Rate versus synchrony codes for cerebellar control of motor behavior

David J. Herzfeld*, Mati Joshua, Stephen G. Lisberger

*Corresponding author for this work

Research output: Contribution to journalArticlepeer-review


Information transmission between neural populations could occur through either coordinated changes in firing rates or the precise transmission of spike timing. We investigate the code for information transmission from a part of the cerebellar cortex that is crucial for the accurate execution of a quantifiable motor behavior. Simultaneous recordings from Purkinje cell pairs in the cerebellum of rhesus macaques reveal how these cells coordinate their activity to drive smooth pursuit eye movements. Purkinje cells show millisecond-scale coordination of spikes (synchrony), but the level of synchrony is small and insufficient to impact the firing of downstream vestibular nucleus neurons. Analysis of previous metrics that purported to reveal Purkinje cell synchrony demonstrates that these metrics conflate changes in firing rate and neuron-neuron covariance. We conclude that the output of the cerebellar cortex uses primarily a rate rather than a synchrony code to drive the activity of downstream neurons and thus control motor behavior.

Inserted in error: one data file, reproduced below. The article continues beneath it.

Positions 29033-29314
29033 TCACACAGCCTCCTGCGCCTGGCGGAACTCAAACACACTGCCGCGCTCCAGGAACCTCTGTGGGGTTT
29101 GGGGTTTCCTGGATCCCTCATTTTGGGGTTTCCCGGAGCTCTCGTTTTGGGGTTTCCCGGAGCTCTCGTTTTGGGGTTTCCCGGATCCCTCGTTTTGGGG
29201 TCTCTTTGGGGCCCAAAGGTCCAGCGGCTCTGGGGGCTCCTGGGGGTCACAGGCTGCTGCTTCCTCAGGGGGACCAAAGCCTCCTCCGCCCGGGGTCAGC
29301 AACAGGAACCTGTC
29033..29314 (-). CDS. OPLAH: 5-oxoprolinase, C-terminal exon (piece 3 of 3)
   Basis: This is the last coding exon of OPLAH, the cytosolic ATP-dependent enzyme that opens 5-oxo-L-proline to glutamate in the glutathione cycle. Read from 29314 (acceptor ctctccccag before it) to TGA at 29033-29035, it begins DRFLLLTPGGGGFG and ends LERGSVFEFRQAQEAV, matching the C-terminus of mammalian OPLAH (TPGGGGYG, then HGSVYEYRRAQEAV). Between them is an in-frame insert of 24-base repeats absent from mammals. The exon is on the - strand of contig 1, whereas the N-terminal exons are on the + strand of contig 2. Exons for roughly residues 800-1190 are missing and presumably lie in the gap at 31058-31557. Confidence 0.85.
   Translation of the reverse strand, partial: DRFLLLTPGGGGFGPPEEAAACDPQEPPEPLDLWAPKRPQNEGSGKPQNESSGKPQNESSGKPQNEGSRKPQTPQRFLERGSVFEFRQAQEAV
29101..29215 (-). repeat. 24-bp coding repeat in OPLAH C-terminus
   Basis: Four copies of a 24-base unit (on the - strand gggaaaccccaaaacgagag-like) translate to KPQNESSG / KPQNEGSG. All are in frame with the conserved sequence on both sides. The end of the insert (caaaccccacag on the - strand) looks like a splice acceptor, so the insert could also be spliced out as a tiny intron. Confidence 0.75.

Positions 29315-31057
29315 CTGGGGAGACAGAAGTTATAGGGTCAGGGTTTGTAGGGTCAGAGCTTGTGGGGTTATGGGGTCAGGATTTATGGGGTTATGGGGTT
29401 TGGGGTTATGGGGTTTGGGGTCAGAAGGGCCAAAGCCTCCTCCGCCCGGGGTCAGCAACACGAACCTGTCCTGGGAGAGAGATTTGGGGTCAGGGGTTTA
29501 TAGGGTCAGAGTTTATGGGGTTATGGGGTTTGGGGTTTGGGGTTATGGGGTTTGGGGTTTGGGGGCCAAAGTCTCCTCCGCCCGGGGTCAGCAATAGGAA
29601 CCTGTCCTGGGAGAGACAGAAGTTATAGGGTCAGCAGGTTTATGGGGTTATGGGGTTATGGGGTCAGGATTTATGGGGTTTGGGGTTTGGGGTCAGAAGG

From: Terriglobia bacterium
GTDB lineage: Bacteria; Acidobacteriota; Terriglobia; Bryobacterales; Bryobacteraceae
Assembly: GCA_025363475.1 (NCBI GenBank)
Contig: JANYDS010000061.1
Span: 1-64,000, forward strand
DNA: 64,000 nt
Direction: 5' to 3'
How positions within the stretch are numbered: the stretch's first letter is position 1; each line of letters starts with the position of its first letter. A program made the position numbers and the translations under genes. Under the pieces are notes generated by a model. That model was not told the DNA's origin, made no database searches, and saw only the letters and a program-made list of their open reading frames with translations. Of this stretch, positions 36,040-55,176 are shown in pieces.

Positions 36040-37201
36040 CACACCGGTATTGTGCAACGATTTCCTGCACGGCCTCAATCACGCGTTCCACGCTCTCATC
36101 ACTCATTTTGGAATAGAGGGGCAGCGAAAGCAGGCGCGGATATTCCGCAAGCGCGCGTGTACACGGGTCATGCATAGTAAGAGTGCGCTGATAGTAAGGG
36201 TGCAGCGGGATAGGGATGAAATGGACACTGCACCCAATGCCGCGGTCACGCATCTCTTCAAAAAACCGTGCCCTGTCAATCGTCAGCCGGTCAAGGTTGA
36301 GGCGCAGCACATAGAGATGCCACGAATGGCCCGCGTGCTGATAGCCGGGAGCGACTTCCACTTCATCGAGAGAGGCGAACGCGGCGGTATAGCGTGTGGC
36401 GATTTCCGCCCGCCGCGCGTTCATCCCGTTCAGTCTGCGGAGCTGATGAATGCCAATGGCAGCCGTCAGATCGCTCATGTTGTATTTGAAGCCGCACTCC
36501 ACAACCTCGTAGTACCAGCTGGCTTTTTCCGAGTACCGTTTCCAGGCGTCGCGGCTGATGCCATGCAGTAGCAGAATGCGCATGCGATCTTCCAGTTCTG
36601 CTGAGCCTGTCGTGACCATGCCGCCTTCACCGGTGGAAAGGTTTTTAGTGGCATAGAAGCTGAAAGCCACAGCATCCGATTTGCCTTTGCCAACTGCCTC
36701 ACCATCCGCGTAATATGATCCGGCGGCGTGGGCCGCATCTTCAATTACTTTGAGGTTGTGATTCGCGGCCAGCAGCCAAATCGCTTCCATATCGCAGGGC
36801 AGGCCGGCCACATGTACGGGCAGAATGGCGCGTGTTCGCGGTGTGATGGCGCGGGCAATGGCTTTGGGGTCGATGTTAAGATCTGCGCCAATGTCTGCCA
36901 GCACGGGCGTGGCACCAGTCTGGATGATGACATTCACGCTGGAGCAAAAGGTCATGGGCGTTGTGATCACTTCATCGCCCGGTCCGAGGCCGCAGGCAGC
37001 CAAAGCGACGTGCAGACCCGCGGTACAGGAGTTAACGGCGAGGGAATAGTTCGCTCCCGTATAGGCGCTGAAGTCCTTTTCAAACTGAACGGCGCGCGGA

Original languageAmerican English
Pages (from-to)2448-2460.e6
Issue number15
StatePublished - 2 Aug 2023

Bibliographical note

Funding Information:
This research was supported by NIH grants R01-NS112917 (S.G.L.) and K99-EY030528 (D.J.H). We thank Stefanie Tokiyama and Bonnie Bowell for technical assistance, including care of the monkeys. We also thank Nathan J. Hall for helpful discussions, as well as the three reviewers for their insightful comments.

Publisher Copyright:
© 2023 Elsevier Inc.


  • Purkinje cells
  • cerebellum
  • neural codes
  • rate code
  • smooth pursuit
  • synchrony
  • ventral paraflocculus


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